New statistics have revealed that car theft in the UK has shot up by 45% in the 5 years leading up to the 2017/18 financial year.
The data, released by police forces across England, Wales, Northern Ireland and Scotland found that 112,174 vehicles were stolen in the 12 months up to April 2018.
This sharp increase over the last 5 years followed a 6-year decline in the crime.
Out of all the regions in the UK, the West Midlands saw the largest increase in stolen cars at 214%. That rise now sees 16 vehicles stolen for every 10,000 registrations. The north-west, north-east and Yorkshire also saw car theft more than double in that time period.
London, however, remains the car theft capital, with 33 out of every 10,000 registeredvehicles stolen – which is an increase of 61% over the last 5 years. Chingford, East Ham, Leytonstone, Wanstead and Ilford saw the highest number of insurance claims for theft in the capital.
Northern Ireland and Scotland bucked this trend though, as a 0% change and 23% decline were measured respectively in these regions.
Steve Barrett, head of car insurance at Direct Line, which commissioned the study, said: “With an alarming increase in the number of cars stolen over the last five years, it is more important than ever to do all we can to prevent cars from being stolen.
“Using a combination of measures such as parking in a well-lit area and security features such as steering wheel locks, or by ensuring that the car alarm system is fully activated by double-locking the vehicle, could help make it as difficult as possible for a thief and may help buy time for the alarm to be raised in case a theft is in progress.”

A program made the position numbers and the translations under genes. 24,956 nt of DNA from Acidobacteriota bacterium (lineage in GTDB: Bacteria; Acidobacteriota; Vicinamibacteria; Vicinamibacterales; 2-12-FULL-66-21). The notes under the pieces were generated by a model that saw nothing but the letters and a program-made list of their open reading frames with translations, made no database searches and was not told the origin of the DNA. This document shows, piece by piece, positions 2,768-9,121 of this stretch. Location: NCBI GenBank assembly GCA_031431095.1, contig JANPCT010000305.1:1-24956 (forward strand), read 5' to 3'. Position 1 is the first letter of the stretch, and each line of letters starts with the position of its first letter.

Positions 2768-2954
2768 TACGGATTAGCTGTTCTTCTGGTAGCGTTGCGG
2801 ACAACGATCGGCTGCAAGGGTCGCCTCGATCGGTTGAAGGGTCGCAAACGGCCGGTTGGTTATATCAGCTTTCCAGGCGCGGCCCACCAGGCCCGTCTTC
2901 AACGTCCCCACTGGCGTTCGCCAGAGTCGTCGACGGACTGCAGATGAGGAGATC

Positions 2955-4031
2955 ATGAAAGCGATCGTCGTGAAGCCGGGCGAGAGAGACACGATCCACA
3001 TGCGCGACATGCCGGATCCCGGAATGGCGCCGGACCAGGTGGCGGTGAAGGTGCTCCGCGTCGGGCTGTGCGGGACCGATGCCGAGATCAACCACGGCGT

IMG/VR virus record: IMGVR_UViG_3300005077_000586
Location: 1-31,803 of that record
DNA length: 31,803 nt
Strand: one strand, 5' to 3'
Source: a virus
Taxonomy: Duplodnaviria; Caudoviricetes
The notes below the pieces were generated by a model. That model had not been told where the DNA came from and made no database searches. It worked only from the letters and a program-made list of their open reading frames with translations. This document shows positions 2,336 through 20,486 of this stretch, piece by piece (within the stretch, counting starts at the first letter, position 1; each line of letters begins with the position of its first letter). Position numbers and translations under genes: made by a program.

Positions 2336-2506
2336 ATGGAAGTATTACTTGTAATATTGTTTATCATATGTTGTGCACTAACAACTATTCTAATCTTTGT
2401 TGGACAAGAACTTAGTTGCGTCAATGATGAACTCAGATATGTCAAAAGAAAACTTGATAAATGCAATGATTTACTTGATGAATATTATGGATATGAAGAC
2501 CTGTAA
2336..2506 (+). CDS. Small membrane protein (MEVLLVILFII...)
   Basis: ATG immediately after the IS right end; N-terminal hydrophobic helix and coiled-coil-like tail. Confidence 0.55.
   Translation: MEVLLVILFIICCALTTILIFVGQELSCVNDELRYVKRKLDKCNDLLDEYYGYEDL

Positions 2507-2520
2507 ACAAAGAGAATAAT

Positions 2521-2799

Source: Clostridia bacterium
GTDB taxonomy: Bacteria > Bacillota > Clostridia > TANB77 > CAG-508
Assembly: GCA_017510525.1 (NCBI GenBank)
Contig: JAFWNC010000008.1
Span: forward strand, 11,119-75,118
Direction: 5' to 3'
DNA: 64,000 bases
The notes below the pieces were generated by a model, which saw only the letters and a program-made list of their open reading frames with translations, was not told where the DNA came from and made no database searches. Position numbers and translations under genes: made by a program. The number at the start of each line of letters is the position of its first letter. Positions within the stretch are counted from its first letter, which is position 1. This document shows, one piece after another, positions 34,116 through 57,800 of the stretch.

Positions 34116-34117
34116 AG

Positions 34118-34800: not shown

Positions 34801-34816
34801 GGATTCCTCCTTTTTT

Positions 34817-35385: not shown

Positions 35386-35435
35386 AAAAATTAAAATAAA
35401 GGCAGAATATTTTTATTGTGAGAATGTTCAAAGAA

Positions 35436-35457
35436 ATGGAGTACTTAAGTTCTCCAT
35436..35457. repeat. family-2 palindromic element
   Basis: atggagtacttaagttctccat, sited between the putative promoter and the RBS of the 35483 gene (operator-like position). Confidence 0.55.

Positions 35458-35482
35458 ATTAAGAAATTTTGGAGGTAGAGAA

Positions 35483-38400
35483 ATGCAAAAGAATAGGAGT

In the last 30 years, vehicle security technology has improved massively in an effort to combat thieves, with regulation upgrades and pressure from insurance companies providing the perfect storm for advancements.
All cars now come with a steering lock and an immobiliser, while most have alarms and locking wheels nuts for those with alloy wheels. But the rise in theft can be associated with thieves using more sophisticated techniques to exploit loopholes in keyless entry systems.
There are, however, some things you can do to help deter thieves, such as fitting a Thatcham-approved electronic immobiliser that is less vulnerable to attack, and if you have a keyless system, place the keys as far away from the vehicle as possible or buy a metal-shielded RFID-blocking to prevent the key signal from being disrupted.
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